In Shelby, N.C., yeggs used dynamite to blast open a safe at the Lutz-Yelton Oil Company and made away with $4,000 the previous night. There was also an unsuccessful attempt to expose the yolk at another establishment, a wholesale grocery. Fingerprints were taken from the safes at both scenes, thought by police possibly to be related.

On the editorial page, "Israel Carries World's Hopes" finds President Truman's statement the previous night expressing "de facto" support for the new State of Israel to be consistent with the country's favor extended toward self-determination of nations and following logically the original sponsorship in 1947 of partition of Palestine.

The British Balfour Declaration of November 2, 1917 established the movement which had just culminated, with Britain stating its pledge at that time to use its best efforts to facilitate creation of a Jewish homeland. Both President Wilson and Prime Minister David Lloyd George had supported the Declaration.

After Palestine was liberated from Turkish rule in World War I, the British received the mandate from the League of Nations in 1920 to administer the country.

After the Holocaust, the final determination was made to establish the homeland in Palestine. The U.N. General Assembly had approved the partition plan the previous November 29.

The small Jewish army of Haganah was holding off the outnumbering forces of the Arab League, the latter acting in open defiance of the U.N. Haganah had to hold back these forces lest a world war erupt around the conflict.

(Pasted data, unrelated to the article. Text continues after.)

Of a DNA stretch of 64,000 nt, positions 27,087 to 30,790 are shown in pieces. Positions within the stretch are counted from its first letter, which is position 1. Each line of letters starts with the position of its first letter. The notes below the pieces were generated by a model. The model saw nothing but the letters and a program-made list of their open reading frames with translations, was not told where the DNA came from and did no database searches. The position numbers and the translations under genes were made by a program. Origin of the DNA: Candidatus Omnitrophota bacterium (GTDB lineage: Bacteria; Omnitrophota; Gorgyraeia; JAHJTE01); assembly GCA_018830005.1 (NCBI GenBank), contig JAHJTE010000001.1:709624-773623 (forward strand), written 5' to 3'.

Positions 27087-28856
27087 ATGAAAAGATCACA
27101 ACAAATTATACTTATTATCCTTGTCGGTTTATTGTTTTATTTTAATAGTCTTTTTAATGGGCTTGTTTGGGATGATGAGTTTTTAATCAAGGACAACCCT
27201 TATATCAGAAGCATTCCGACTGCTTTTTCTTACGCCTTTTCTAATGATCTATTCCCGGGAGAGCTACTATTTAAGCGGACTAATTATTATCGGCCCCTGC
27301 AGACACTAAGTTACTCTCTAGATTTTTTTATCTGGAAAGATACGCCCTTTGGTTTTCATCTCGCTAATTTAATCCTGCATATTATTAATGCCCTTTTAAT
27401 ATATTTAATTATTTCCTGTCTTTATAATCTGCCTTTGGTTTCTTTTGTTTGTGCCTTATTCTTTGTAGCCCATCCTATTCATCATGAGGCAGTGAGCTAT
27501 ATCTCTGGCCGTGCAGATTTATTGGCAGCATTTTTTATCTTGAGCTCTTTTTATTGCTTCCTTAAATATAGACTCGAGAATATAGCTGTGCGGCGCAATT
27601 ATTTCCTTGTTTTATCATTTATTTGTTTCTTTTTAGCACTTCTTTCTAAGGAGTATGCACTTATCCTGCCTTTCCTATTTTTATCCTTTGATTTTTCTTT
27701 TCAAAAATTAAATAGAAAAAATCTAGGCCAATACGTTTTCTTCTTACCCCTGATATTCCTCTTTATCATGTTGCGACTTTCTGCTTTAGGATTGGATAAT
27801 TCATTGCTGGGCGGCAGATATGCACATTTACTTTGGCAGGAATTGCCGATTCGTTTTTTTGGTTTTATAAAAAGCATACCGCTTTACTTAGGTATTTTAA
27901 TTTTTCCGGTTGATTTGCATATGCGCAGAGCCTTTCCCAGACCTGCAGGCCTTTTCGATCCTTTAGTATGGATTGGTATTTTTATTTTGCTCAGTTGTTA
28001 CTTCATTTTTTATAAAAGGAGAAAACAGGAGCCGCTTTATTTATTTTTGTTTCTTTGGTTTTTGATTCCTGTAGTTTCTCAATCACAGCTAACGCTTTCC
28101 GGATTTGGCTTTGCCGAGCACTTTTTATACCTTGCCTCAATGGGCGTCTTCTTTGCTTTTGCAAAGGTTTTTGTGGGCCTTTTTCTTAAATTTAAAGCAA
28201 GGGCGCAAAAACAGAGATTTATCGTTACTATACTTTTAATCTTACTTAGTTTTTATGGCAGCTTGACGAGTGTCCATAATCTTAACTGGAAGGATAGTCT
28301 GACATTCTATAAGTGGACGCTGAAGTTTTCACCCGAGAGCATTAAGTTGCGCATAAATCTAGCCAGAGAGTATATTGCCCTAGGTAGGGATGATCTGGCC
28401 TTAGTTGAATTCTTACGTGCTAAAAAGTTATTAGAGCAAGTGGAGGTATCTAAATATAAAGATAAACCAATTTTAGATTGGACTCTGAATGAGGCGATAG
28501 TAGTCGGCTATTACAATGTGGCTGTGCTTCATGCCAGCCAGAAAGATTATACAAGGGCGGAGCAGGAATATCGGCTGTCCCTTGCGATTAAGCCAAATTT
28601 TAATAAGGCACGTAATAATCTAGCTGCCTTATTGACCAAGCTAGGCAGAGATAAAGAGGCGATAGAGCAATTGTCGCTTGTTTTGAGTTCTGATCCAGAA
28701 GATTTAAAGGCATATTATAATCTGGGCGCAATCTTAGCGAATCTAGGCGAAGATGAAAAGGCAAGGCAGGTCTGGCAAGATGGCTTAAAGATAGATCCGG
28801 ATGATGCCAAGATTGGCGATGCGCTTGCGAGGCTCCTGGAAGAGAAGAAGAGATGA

The effort, it suggests, was in furtherance of banishing war and bringing peace to all peoples. There would be new hope for the U.N. should Israel survive. The prompt recognition of the new state strengthened that hope and the hope for rapprochement generally between the East and West.

"Something More Than Force" finds the aphorism that the Russians only understood force to be an errant notion, as discussed by David Lawrence in the latest issue of U.S. News & World Report, contending it to be a fallacy often repeated in high Government circles. It had as a corollary the notion of a preemptive strike before Russia could obtain nuclear capability.

The piece agrees that the reasoning was fallacious and that evidence abounded in contravention of it, that Russia had been so impressed by the threat of the Marshall Plan that it had resulted in curbing the reins on Soviet expansion. The atomic bomb was thus not so much a deterrent as was the threat of rebuilding Europe.

The U.S. was doing much not to pursue the force-first mentality, but the mentality nevertheless was damaging East-West relations. When such countervailing efforts ceased, it posits, there would be left only respect for war on both sides, leading inexorably to a hot war.

"Another Long Regime Begins" tells of Earl Long becoming Governor of Louisiana during the week amid fanfare reminiscent of his deceased brother Huey, former Governor and Senator. Nearly 50,000 people crammed the LSU stadium to hear and observe his inauguration speech, with hot dogs, pop, buttermilk, and wine flowing freely—we hope not all down the same gullet. Governor Long even provided first-aid to the twenty-odd persons hit by flying bottles.